Capability, Intrinsic Worth

Does Self-Compassion Actually Help Us?

I have been thinking about self-compassion lately and how it can help us tremendously.

To illustrate this, let me tell you a brief story about myself. When I was in elementary school, I really had problems organizing myself for some reason.

It was probably because I had a lot of big ideas and got stuck in my imagination and creativity.

I’m really grateful for my imagination, but sometimes it makes big projects with multiple steps really hard for me.

Photo by Eli Francis, courtesy of Unsplash.

To make matters worse, sometimes my teachers (who were otherwise kind people) seemed to think I should have everything figured out already.

As such, I often felt like they criticized me for not being organized.

That wasn’t very helpful because I really wanted to be organized. I just didn’t understand how to help myself accomplish this goal.

One year, this situation changed dramatically for the better.

When I was in seventh grade, I went to a new school. That change was difficult for a lot of reasons, one of which was that I got pink eye on the first day of school.

And so I couldn’t attend the first day. And when my eye was no longer contagious, I went to school, but my eye was still puffy and weird-looking.

I felt like I stuck out like sore thumb.

And that’s how I felt in general.

I felt weird and out-of-place. I was in a new school with a new routine, which I didn’t completely understand. I was suffering.

Because of all this change, I, once, again, had problems focusing and organizing myself.

My teacher, Mrs. M, seemed to understand this.

One day, she pulled me aside and helped me organize. She taught me how to take organized notes and gave me tips for studying for a test.

I felt like she believed in me.

Her message seemed to be, “Change is hard, and sometimes it’s hard to organize yourself. But I know you can do this. I’ll walk along with you and help you.”

That year changed my life.

From that point on, I believed in myself because Mrs. M believed in me even though I was going through a hard time.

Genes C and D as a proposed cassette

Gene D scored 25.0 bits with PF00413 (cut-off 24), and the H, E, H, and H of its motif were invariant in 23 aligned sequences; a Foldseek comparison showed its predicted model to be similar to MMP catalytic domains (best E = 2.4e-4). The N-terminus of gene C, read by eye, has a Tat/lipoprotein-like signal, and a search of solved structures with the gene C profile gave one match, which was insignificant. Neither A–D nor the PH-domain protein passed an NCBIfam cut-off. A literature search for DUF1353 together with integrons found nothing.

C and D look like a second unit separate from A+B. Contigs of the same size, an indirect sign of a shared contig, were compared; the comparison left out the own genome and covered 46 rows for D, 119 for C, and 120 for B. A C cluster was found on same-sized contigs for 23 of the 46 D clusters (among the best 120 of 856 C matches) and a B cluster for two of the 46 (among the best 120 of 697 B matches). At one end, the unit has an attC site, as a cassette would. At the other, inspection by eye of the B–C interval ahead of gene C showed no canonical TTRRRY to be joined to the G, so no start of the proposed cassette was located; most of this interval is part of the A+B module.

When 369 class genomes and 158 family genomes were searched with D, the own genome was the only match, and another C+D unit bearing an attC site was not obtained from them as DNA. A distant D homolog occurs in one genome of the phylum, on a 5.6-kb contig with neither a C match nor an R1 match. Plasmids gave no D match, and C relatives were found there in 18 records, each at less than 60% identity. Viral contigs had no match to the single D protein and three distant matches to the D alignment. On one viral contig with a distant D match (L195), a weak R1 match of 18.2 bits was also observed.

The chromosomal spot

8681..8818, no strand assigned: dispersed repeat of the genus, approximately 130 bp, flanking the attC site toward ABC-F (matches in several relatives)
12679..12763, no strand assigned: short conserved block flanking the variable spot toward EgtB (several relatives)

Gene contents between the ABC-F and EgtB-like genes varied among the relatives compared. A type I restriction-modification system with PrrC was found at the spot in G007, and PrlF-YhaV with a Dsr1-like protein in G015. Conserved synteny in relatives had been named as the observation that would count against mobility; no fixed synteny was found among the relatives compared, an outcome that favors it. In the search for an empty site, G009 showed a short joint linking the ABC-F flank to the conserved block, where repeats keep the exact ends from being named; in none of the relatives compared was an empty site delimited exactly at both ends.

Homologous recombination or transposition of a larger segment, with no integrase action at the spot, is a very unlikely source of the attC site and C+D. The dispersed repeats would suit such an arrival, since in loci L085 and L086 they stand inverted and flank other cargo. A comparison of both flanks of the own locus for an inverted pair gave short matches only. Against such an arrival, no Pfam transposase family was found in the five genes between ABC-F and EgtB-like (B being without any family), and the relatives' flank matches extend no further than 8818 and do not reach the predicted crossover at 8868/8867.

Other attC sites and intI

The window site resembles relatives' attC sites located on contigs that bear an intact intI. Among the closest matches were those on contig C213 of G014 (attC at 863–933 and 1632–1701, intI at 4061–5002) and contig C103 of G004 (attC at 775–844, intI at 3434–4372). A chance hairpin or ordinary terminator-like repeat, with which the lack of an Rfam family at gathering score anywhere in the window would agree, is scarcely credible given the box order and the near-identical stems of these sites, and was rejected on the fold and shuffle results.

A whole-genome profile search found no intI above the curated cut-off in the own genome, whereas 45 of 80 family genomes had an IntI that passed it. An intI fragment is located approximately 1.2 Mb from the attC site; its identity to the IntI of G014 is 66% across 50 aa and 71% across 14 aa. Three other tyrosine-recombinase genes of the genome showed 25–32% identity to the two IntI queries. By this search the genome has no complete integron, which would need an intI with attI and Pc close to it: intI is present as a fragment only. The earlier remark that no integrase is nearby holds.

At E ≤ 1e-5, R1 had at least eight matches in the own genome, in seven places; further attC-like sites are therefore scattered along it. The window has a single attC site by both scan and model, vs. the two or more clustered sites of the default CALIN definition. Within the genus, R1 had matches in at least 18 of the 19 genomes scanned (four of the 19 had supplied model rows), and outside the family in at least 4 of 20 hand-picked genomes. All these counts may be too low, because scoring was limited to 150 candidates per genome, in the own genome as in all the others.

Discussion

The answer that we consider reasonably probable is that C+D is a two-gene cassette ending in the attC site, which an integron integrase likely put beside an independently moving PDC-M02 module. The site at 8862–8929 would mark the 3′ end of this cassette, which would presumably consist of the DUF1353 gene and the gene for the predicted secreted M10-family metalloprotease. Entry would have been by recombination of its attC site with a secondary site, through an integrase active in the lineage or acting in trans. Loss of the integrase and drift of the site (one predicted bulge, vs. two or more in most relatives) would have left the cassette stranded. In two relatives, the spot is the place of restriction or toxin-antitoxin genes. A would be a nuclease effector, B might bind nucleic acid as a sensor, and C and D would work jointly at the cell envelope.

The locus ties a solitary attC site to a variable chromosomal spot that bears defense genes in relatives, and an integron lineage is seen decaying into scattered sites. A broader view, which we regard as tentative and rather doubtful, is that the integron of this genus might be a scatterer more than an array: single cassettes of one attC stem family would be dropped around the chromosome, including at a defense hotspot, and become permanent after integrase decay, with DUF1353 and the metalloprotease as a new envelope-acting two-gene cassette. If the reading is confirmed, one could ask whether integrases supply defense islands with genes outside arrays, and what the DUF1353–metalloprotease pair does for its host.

I went on to become a middle and high school teacher for over a decade.

And if you have been following my blog for a while, you know that I eventually went to graduate school and and earned my PhD in philosophy.

At different times through the years, I have still struggled with academics occasionally. But I always believed in myself, and it was largely because Mrs. M. believed in me and helped me when I was struggling.

This story from my life can help us understand a lot about compassion.

At one point or another, everyone struggles seriously with something in their lives. It might be school, relationships, physical or mental health, body image, finances, or tragedy.

And in fact, most of us experience suffering, or painful feelings, on a smaller or larger scale regularly in our life.

Photo by Aziz Acharki, courtesy of Unsplash

Buddhist philosophers remind us that life has great suffering. This is one of the four noble truths of Buddhism, which you can read more about here: The Ethics of Compassion

Unfortunately, frequently when we suffer, people often behave as though we should have everything figured out and that suffering is a sign of personal moral failing.

This is not true.

All of us are born into a bewildering world in which we regularly experience weird and painful situations, for which we have little to no training.

We feel weird, confused, and out-of-place. And we suffer.

If we are lucky, we have someone like Mrs. M to walk us through those difficult times.

But sometimes or even often we don’t.

And we must learn to walk ourselves through those difficult times. Practicing self-compassion is how we learn to do this.